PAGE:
In lieu of Supporting Friends Friday, I’ve decided to dedicate this Friday’s post to the memories of three great men that left us in the past week. One was a beloved funnyman; the second an influential public intellectual; the third a former colleague’s husband.
That order is not indicative of a ranking by significance or importance, to be clear. As I noted, I consider all three of these gentleman to be great men. Each contributed something to the world in their own way.
The first, of course, is Norm Macdonald (yes, the first “d” is lowercase—like Norm himself, it’s quite odd). He had been struggling privately with cancer for nine years, continuing to work, putting out a podcast and a Netflix series.
Norm Macdonald was a weird guy, but in the best way possible: he truly lived his life on his terms. In an age in which comedy has been reduced to spouting Leftist talking points in an ironic manner to rapturous applause—note it is rarely to laughter—Macdonald continued doing what comedians are supposed to do: be funny. A large part of being funny is being truthful, even and especially when it’s unpopular or uncomfortable. Macdonald’s comedy was hilariously discomfiting, and he never bent the knee to the woke mobs, which considers anything remotely humorous out-of-bounds in polite discourse.
The second is Angelo Codevilla, an important thinker and writer on the Right, who wrote for years for the Claremont Institute. Codevilla was immensely erudite, and saw the true nature of our nation’s uniparty elites long before most of us realized the game being played on the American people. As photog wrote on his blog, “Codevilla wrote about the oligarchic basis of the American regime and along with Michael Anton recognized Donald Trump’s ability to expose the uniparty for what it was.” It was Codevilla that identified the revolutionary pattern of our current politics, and how the Left keeps turning the ratchet towards revolution.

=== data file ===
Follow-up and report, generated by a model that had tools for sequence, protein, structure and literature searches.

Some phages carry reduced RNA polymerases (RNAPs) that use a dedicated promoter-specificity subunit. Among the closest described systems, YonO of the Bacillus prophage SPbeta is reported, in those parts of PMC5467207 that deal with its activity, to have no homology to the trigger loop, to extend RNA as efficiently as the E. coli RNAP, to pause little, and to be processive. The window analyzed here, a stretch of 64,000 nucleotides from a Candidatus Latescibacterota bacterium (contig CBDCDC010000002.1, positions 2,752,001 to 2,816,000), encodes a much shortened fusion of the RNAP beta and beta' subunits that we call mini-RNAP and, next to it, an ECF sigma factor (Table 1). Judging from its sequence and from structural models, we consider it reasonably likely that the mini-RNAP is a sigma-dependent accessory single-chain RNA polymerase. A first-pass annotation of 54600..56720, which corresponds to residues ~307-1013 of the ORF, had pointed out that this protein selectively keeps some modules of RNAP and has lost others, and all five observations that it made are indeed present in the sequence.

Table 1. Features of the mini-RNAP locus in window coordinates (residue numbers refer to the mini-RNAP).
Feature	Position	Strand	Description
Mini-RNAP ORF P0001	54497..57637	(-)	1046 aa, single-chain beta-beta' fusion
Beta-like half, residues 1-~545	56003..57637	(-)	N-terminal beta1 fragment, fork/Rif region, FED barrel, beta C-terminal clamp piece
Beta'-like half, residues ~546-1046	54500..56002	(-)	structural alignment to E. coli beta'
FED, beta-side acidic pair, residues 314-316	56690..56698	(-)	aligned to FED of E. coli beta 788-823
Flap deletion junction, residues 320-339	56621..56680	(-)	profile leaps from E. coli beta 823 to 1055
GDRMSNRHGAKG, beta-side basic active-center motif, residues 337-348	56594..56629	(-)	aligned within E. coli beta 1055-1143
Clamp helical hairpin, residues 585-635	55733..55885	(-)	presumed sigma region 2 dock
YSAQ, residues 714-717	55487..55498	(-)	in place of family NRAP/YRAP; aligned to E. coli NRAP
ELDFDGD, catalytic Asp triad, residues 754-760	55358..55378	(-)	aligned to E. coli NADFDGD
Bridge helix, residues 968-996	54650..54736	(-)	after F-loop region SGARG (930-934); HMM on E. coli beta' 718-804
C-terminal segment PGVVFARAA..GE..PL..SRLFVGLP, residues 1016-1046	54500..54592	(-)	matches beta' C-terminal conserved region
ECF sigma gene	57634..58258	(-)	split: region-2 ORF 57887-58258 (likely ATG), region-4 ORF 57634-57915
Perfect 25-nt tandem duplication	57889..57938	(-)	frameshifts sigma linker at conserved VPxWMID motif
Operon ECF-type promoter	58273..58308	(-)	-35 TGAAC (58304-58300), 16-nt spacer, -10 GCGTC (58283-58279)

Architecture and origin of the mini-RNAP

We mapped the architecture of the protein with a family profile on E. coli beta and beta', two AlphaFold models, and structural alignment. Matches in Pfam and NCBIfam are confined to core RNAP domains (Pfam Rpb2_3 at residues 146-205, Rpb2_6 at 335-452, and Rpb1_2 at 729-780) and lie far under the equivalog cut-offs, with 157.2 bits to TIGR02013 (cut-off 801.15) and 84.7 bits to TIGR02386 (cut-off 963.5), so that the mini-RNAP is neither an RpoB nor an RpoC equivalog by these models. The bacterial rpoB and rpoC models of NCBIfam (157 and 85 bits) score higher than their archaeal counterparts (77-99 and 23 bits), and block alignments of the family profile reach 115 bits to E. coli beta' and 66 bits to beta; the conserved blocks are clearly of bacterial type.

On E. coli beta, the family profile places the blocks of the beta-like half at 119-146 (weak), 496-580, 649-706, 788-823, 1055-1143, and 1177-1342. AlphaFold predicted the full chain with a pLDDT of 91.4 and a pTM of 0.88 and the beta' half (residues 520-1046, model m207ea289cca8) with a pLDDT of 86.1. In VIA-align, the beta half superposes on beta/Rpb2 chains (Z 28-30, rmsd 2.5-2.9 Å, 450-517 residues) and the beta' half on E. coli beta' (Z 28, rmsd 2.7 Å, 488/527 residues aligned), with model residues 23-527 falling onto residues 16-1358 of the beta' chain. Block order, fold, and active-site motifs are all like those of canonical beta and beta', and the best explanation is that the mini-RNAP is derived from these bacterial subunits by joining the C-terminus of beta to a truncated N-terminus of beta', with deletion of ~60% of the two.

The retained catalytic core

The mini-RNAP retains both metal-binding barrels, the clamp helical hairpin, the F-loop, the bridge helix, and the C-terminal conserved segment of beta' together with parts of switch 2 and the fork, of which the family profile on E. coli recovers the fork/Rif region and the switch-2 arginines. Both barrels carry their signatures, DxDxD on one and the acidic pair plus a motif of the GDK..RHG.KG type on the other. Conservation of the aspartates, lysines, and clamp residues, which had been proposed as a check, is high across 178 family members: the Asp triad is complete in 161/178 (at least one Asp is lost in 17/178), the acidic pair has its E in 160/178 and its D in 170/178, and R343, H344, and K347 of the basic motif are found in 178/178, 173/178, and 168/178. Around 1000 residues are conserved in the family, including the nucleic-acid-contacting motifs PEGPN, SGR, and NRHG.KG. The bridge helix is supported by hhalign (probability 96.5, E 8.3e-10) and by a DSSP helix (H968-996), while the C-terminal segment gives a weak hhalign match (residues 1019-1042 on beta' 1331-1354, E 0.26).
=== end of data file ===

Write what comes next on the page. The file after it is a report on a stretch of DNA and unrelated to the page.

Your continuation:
His death comes as a serious blow to the intellectual Right. His words will live on, and may well prove prophetic—more so than they already are.
Third and lastly, a dear former colleague’s husband passed away recently. He and I only met a few times at some school-related get-togethers for faculty, but I always appreciated his stoic goodwill. His wife—my former colleague—was an amazing teacher and an incredible writer in her own right (she wrote the play that my student Robert Mason Sandifer set to music). I could tell they loved each other very much, and I am hoping she is holding up well.
I want to respect the family’s privacy, but I will note he was perhaps one of the last federal marshals to be a trustworthy friend to the American people, and to our Founders’ vision of a limited, self-governing republic.
Please keep my former colleague and her family in your prayers. Likewise, remember the Codevilla and Macdonald families.
God is Good. All three of these men, as far as I know, were Christians (yes, even Norm Macdonald). They are now—we can hope—basking in God’s Glory.
Rest in Peace.